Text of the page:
How To Handle Giant Eff-Ups at Work
Two weeks ago, I started my summer internship at a TV station here in Texas. I’ve had fairly mediocre summer jobs before (some much worse than others), but this has been by far the best job I’ve ever had. Even doing relatively boring tasks seem not-so-awful because, hey, I’m working at a TV station. This is kinda what I want to do after college, so I’m pretty much stoked to be doing anything.
Last Thursday, I needed to go to a local printer and pick up a poster that the station had made for an event that weekend. To anyone else in the office this would be a drag to have to take an hour out of their day to drive to go get it, but not for me. I am super intern, ready to spend my gas money for a job that isn’t paying me. So I drive out half an hour to get the poster through horrible Austin traffic, and then drive the half hour back again through horrible Austin traffic. I get back to the office and hand my boss the poster, feeling very pleased that I was entrusted with this significant job. I open my wallet to hand her back the department credit card.
Ho. Ly. Shit.
It is not in my wallet. The credit card is not in my wallet. WHERE IS THE CREDIT CARD.
Panic thus ensued as I excused myself to go look for the credit card in my car. Having now dealt with this situation, I’ve come up with a few tips for how to handle yourself when something goes seriously wrong at work.
Do Not Wallow
My first instinct was to panic and probably cry a little. This was my first real interaction with the department head, and I had lost the credit card. Here I was trying to be super intern and make a good impression on everyone, and I had done something so incredibly stupid.
However, spending your energy on thinking of how dumb you are for messing up or how you just should have done something else is not going to solve your problem. It’s a lot easier to just wallow in your misery, but it doesn’t fix the problem. Panicking is okay, but after a minute or two, you’ll need to get your head out of the past and get it into the present and future so you can fix the situation.
My second instinct was to blame the girl who ran the credit card at the store. She didn’t hand me back the credit card and didn’t even know I had left it there until I came bursting back in there an hour later. But it wasn’t her fault. I was the credit card holder, it was my responsibility.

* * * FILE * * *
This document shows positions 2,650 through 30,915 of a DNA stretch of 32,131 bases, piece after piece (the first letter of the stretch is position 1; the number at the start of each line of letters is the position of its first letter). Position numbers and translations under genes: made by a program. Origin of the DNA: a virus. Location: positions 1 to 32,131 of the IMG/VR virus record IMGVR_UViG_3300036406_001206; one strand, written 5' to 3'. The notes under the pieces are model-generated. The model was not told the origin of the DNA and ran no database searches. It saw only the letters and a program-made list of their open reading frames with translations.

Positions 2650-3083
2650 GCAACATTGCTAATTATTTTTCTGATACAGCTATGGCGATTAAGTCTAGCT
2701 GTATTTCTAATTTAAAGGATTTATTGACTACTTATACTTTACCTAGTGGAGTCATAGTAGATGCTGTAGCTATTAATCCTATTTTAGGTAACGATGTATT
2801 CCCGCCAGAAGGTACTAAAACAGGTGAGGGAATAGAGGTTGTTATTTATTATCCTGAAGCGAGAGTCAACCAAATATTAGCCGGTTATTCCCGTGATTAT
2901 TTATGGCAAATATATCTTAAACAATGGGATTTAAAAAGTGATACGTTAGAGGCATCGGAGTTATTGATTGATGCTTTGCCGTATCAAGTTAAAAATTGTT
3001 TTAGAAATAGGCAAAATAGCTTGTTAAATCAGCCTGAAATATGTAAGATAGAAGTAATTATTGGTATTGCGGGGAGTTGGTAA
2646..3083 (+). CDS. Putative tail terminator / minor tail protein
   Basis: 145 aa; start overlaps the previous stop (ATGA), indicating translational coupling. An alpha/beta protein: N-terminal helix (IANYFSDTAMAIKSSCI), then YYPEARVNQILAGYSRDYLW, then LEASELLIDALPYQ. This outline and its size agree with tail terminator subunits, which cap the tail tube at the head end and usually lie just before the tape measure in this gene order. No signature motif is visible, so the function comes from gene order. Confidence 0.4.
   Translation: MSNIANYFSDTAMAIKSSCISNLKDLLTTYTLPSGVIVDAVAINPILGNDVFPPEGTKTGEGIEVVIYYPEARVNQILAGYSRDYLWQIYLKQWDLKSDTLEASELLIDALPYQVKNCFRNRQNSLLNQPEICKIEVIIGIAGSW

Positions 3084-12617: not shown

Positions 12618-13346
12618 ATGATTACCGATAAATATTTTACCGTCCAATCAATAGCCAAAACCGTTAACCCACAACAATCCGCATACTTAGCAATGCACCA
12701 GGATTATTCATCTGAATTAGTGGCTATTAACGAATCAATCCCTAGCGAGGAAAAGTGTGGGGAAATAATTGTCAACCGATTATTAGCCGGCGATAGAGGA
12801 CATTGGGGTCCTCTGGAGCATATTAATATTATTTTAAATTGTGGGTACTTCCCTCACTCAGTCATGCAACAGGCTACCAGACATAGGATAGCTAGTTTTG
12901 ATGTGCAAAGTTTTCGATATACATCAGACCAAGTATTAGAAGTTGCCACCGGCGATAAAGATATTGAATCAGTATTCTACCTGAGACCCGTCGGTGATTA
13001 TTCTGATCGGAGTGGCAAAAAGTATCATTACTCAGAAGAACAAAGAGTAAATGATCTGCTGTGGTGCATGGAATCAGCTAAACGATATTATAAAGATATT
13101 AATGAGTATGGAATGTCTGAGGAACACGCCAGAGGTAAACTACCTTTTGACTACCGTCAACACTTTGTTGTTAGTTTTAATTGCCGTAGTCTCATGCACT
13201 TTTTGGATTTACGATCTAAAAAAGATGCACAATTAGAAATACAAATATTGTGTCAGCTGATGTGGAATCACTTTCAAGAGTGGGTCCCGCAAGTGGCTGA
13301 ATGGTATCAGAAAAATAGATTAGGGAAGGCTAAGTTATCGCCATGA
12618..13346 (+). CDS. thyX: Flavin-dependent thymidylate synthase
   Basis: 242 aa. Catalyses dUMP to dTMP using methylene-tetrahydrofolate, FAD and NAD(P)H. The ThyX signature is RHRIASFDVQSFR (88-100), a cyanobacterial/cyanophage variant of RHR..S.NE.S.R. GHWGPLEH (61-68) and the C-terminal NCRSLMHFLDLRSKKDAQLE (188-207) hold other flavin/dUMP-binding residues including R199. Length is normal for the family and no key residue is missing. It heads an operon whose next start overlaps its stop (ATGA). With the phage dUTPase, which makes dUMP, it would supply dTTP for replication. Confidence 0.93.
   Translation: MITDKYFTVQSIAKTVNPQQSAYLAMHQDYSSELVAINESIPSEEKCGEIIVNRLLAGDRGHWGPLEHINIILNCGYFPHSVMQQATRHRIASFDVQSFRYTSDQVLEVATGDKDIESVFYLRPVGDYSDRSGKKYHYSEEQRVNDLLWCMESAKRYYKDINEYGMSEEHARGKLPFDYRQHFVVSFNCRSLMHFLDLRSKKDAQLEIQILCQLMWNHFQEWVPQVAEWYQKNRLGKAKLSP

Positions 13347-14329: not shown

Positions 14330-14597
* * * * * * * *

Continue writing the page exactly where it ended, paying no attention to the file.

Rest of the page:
As soon as I realized that I had left the card at the store, I told my immediate boss what had happened. I really didn’t want to admit to what I had done, but I knew it would be worse to ignore it. Taking responsibility shows that you realize your mistake and you are prepared to fix it. Blaming it on someone else will probably make you sound more incompetent than if you actually own up to your mistake.
Take Back Control
Instead of panicking and pacing around the office, I decided that I just needed to go right back out to the poster store and retrieve the forgotten card. There really wasn’t any other alternative, but the decision needed to be made fast. The mistake had already been made, and there was nothing to do about it now. I didn’t have a time machine, so I couldn’t fix that the card was already there. But I could take control of the situation that I had created and make it right.
Taking control of your situation is the best way that you can handle a mistake. If you’ve made a mistake in a project at work and realize that you’ve been set back, make an effort to get to work early in order to make up for lost time and to show your superiors that you have what it takes to overcome your mistakes.
In the end, I took another hour out of my day to fight through Austin traffic (again) in order to get the card back. Everything turned out just fine, and I know that I’ll never make the same mistake again.
Mistakes aren’t bad things. We learn from them, and they’re necessary to make us better workers and better people. Mistakes suck. But it’s how you handle them that affects you the most.
How have you handled big mistakes you’ve made? Let us know in the comments?